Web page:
Foolishly I started my day with a Facebook post, not the best idea when one is in a highly reactive state. I wrote that I was getting off Facebook because reading other people’s Facebook comments made it too hard to behave with “charity towards all and malice towards none.” I planned to wait to the end of the day to de-activate my account so I could see what response I got. Which wasn’t much, it never is, just a few likes, and then unfortunately two comments that sent me into a froth of rage. Both people wrote that they were sure I’d be pleasantly surprised. They meant well, but such tone-deaf, insular views and thinly-disguised gloating made me want to scream till my teeth fell out.

 

A friend had seen the post and the comments and called to say she was in front of my house, did I want to go for a walk. Yes, please. She was calm. She listened to me vent. What is that they say, she said, You get to tell your story three times and then you let it go. She suggested I try the serenity prayer.

 

That helped a little. I worked all day, wavering back and forth between trying to be calm and feeding my anger. Later I headed to the grocery store, wary of being around other humans. The people in Krogers might as well have come from central casting for a movie about groups insulted during the campaign. A woman in a hijab, disabled grocery baggers, more black shoppers than I usually see at that particular grocery store, and of course women, women, women of every shape, size and age, few dressed to charm men.

 

Then I saw a white woman cruising the aisles in a Trump t-shirt. Blond bimbo asshole, I said to myself (I was never good at putting together curse words). I gave her the stink-eye. She failed to notice. I hoped to cross her path again so I could make an even more dramatic face. Wouldn’t that show her.

 

At the seafood counter, a woman, older and African-American, started talking to me about the rising price of fish. She was a talker, and talkers always send me running in the opposite direction, plus I only had an hour to clean house and cook for my mother-in-law and aunt who were coming for dinner. The conversation kept going, even after I got my salmon and was ready to hurry off. She moved on to various ways to cook fish, and when she heard I was having elderly people for dinner, she talked about how fish is a good meal to serve old folks, how the fish flesh is soft in their old mouths and easy to chew even with sore gums and missing teeth. That was a short step to telling me about her mother, now deceased, and how she took care of her in her last illness and how sometimes they just sat together and had so much fun doing that.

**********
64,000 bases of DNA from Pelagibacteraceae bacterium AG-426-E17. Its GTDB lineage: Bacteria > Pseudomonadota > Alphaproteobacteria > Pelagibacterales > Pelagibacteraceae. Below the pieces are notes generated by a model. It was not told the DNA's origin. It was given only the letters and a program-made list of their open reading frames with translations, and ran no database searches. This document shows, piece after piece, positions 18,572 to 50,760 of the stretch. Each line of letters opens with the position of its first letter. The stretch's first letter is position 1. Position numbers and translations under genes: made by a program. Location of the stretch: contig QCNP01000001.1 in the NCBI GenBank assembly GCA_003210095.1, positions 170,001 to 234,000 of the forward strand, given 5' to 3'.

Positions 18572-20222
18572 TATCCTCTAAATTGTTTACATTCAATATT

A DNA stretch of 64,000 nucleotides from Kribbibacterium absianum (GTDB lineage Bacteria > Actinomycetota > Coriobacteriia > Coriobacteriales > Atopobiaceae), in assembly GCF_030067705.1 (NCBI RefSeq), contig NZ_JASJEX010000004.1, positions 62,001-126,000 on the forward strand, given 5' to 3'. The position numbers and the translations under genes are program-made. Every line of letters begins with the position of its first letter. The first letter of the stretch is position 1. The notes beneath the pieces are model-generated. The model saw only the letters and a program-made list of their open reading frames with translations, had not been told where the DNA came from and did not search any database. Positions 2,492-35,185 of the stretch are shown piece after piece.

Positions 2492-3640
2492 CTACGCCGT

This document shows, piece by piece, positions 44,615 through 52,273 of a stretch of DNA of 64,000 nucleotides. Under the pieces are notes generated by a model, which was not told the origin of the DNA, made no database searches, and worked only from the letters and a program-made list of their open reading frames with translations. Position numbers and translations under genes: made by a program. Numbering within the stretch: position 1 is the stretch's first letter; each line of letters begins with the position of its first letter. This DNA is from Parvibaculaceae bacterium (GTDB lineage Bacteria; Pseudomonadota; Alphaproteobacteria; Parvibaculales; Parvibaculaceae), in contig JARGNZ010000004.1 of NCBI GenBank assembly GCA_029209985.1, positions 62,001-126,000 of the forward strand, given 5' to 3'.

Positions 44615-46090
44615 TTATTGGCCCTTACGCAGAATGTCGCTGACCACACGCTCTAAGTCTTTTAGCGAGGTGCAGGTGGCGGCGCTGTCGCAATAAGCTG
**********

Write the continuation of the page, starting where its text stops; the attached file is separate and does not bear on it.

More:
That’s when I stopped wanting to get away from her.

 

Me too, I said. I used to like to sit next to my mother on the couch, reading. I told her my mother died last May.

 

Just like that my eyes watered. I was about to cry. She saw it. She opened her arms to embrace me. We hugged.

 

As she let go of me, she said, when you miss her, just think about all the good times you had. Hold on to that, she said.

 

The interaction was slightly absurd, two strangers hugging in front of the seafood counter, the seafood clerk watching and waiting for the older woman’s order, the older woman consoling me over something that happened months ago, even though I was initially upset about what happened only a few hours ago.

 

The interaction between the two characters in Carver’s poem is absurd as well, and darkly funny. The bumbling doctor and shocked patient don’t know how to act with each other. The conversation is dislocated from the awful reality, especially on the patient’s end. He says he’s been given something he’s never gotten before, and out of habit he thanks the doctor. As if he’s been given a gift.

 

Cancer is sometimes described as a gift. It isn’t, but the perspective it supplies can be. Bad news says, This is the reality, straight up. Focus. Bad experiences bring up hard questions. You can face those questions and act on your answers, or you can look away. What’s important? What do I believe? The doctor in the poem asks,

 

do you stop and ask for understanding

 

and

 

do you kneel down

in forest groves and let yourself ask for help

 

For me, leaving the grocery store, I asked if I would react to a hate-filled campaign with hate. Would I sneer at those I disagree with? Would I despair of my country?

 

And also, would I get dinner made on time?

 

Later that night, the dishes done, back in bed, back in my head, I pictured all of us Kroger shoppers from above, as if I were looking at fish in an aquarium. I believe in the grocery store, I thought. What a beautiful place. The day after the most divisive, ugly election in recent history, and there we were, shoppers, clerks and baggers all going about our business. Here people of different backgrounds, races, faiths, and political beliefs push carts in peace. They ignore each other, they smile at each other, they let someone with fewer groceries go ahead in line. Sometimes they even connect over shared experience.